Sunday, 21 April 2013

Hornets Pride. Bulls Progress.

Hornets 10 - Bulls 70

The Battle with the Cattle from Bradford ultimately went the way that most of the 1800 at Spotland anticipated. The Bulls were sharp, strong and steered around the park by a virtually unplayable Jarrod Sammut - but mostly they provided an object benchmark for ruthless professionalism.

Bradford took the lead after just 2 minutes. Referee Mr Hicks showed his hand early with a dubious penalty and, off the back of an easy 50 metres, Wood got lucky off a Sammut kick to score.

Another penalty after 8 minutes took Bradford upfield where a short inside ball was enough to slot Langley in by the posts. Not the best of starts. But Hornets got into the game, defending well and looking to play expansive football in a good ten minute spell. 

With Paul Crook herding the Bulls back from a series of booming down-town kicks, Bradford were faced by some determined defence. But Gale sneaked in for a last tackle sucker-try on 21 minutes after Hornets had done all the hard work defending repeat sets.

And it took a stroke of luck on 31 minutes for Bradford to breach the Hornets line again. Having resisted three consecutive sets, Hornets forced an error from the Bradford attack (a Bulls player passing the ball into an unaware Hornets defender at close range), but Mr Hicks wiped the tackle count and Chev Walker slipped in to score.

Having competed well, Hornets found themselves 24-nil down, but the breakthrough was about to come. On 36 minutes good approach work took Hornets close to the Bulls line. A lofted kick to the corner caused all manner of chaos in the Bradford ranks, the ball breaking to Dave Sutton who crashed in by the flag. Cue mayhem!  Crooky slotted the extras and suddenly Bradford looked less invincible.

But in a disappointing end to the half, Hornets turned over cheap possession and Sammut peeled off the back of the scrum for a simple try right on the hooter.

Half time 6-30.

After the break, Mr Hicks' ongoing freestyle interpretation of the laws gave Bradford a jump-start to the half.

Firstly a penalty for 'talking' after Hornets protested when Wood dropped a kick cold, but was permitted to play on. Then a questionable penalty for tackling Foster in the air, compounded by 10m when Hornets queried the decision. Having marched Bradford fully 70 metres downfield, Mr Hicks was the only person in the ground to spot a high tackle and, from this third consecutive penalty, Gale bounced through a retreating defence.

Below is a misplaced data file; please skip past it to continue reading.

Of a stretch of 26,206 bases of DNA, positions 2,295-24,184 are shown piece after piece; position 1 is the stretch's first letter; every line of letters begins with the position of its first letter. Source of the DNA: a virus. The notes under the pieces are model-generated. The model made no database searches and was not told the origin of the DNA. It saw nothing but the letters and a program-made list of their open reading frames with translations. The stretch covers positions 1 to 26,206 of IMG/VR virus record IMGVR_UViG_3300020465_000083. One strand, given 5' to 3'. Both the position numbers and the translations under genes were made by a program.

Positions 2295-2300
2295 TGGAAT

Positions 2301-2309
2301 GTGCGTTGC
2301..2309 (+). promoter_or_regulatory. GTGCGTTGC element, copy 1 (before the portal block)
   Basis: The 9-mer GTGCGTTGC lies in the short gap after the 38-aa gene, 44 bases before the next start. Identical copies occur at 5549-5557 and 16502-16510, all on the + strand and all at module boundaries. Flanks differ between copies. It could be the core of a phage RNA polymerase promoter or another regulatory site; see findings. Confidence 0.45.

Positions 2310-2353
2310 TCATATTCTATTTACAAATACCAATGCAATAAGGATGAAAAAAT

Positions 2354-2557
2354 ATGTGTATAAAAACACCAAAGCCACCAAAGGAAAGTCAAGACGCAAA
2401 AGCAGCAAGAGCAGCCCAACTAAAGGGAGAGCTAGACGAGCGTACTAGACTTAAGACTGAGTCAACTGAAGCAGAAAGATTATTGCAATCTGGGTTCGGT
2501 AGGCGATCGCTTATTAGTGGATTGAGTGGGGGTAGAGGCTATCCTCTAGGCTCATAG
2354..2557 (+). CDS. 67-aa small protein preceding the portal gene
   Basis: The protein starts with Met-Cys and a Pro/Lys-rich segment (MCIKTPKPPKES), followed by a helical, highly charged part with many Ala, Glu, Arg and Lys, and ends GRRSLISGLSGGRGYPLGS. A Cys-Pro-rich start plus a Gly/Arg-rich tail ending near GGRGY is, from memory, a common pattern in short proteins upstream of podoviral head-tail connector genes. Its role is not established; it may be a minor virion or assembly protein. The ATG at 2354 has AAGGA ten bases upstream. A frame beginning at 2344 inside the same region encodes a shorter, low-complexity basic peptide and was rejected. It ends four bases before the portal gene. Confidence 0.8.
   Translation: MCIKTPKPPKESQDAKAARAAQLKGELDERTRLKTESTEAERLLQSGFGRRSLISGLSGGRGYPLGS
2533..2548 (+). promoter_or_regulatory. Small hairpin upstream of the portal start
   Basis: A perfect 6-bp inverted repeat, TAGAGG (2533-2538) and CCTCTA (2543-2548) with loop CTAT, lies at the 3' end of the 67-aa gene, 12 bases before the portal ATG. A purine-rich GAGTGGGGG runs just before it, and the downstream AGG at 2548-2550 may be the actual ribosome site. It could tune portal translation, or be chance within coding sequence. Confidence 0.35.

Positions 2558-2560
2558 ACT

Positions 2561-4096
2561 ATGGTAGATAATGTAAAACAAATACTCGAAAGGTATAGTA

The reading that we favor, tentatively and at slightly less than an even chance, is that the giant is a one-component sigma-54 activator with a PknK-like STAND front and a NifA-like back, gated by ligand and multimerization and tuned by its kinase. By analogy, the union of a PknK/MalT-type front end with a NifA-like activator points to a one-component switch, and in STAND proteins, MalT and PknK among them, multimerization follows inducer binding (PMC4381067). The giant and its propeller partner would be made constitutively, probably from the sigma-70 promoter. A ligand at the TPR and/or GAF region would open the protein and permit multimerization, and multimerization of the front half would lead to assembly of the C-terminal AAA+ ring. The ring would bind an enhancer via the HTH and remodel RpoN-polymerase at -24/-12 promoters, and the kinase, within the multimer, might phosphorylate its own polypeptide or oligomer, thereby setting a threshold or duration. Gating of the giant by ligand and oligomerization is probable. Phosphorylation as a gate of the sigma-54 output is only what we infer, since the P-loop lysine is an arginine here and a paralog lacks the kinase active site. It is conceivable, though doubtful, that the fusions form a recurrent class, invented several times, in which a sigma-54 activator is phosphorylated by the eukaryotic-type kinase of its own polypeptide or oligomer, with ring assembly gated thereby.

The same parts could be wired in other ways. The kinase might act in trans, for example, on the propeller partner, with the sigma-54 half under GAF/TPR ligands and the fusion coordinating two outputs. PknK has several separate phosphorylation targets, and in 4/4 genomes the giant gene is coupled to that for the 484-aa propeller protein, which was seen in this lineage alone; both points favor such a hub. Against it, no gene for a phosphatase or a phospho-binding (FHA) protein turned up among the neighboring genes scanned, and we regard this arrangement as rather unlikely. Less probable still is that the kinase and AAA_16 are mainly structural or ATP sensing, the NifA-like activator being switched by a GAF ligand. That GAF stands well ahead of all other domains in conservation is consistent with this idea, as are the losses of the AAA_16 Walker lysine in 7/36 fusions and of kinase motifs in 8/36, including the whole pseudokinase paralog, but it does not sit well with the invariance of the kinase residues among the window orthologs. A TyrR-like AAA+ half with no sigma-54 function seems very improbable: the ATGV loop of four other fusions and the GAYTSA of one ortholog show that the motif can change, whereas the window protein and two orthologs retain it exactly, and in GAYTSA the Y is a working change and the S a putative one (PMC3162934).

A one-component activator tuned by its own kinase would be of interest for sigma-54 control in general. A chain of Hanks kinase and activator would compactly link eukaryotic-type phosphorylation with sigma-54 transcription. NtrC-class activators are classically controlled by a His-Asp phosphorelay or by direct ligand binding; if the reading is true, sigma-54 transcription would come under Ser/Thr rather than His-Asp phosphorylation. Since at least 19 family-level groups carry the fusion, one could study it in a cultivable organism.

Uncharacteristically, Paul Crook hit the kick-off dead and this step-change in momentum sent Hornets spiralling into their most difficult spell of the game. 

Rugby League is hard to play when you don't have the ball, and a quickfire series of Bradford tries saw Hornets entrenched in draining defensive duties.

On 48 minutes, simple quick hands saw Bateman score untouched; then Whitehead running a fumbled Hornets pass back 60 metres to score. As the pressure mounted, good hands across the line stretched the Hornets defence to breaking point and Whitehead clocked a simple score.

But, with the reintroduction of Chris Hough and John Cookson just past the hour, the momentum was about to swing back in Hornets' favour. Firstly, Cookson timed his tackle on Purtell to perfection, snapping him to the gound to bring the main stand to its feet. Then a blockbusting run from Houghy gave Hornets the plaform to launch John Cookson from close range, showing great strength to crash through and grab Hornets second. Crooky slid the conversion just wide.

Hornets didn't hang around. Working the Bulls defence backwards, a sixth tackle dink into the in-goal again caused disarray. Sammut gathered the loose ball and set off on a circuitous run to get the ball back into the field of play - only to run into Tony Stewart who hit him like a train to force a Bulls drop-out.

But it was Bradford who got the break. On 70 minutes a teasing, bouncing grubber behind the Bulls defence was scooped up by Sammut who hit the afterburners to sprint in from 70 metres and effectively deflate a tiring Hornets.

Three minutes later another quite spectacular Mr Hicks double - a penalty that never was, followed by a 'no knock-on' that actually was - gave Bradford enough impetus to send Whitehead in for his hat-trick.

With the hooter imminent, Bradford delivered a brutal denouement, a Sammut cut-out pass giving Ex-Hornet Platt a stroll-in by the flag. 

Final score, a cruel 70-10.

Despite the imbalance in scores, Hornets gave a great account of themselves: striving to play expansive football at every opportunity and matching Bradford for a couple of lengthy spells. Certainly, that extra metre, extra kilo, extra half second that full-time status brings has a cumulative effect, but it does show the level of relentlessly professional perfomance that we must work towards.

Ultimately Bradford were a class apart, but this was a great day for Hornets. The players set a standard that the team must attain for the remainder of the season - playing with this level of effort, intensity and expansiveness against Championship 1 opposition will take us a very long way.

And, while Bradford progress in the cup, it's good to see that the Spirit of 1922 alive and well at Rochdale Hornets.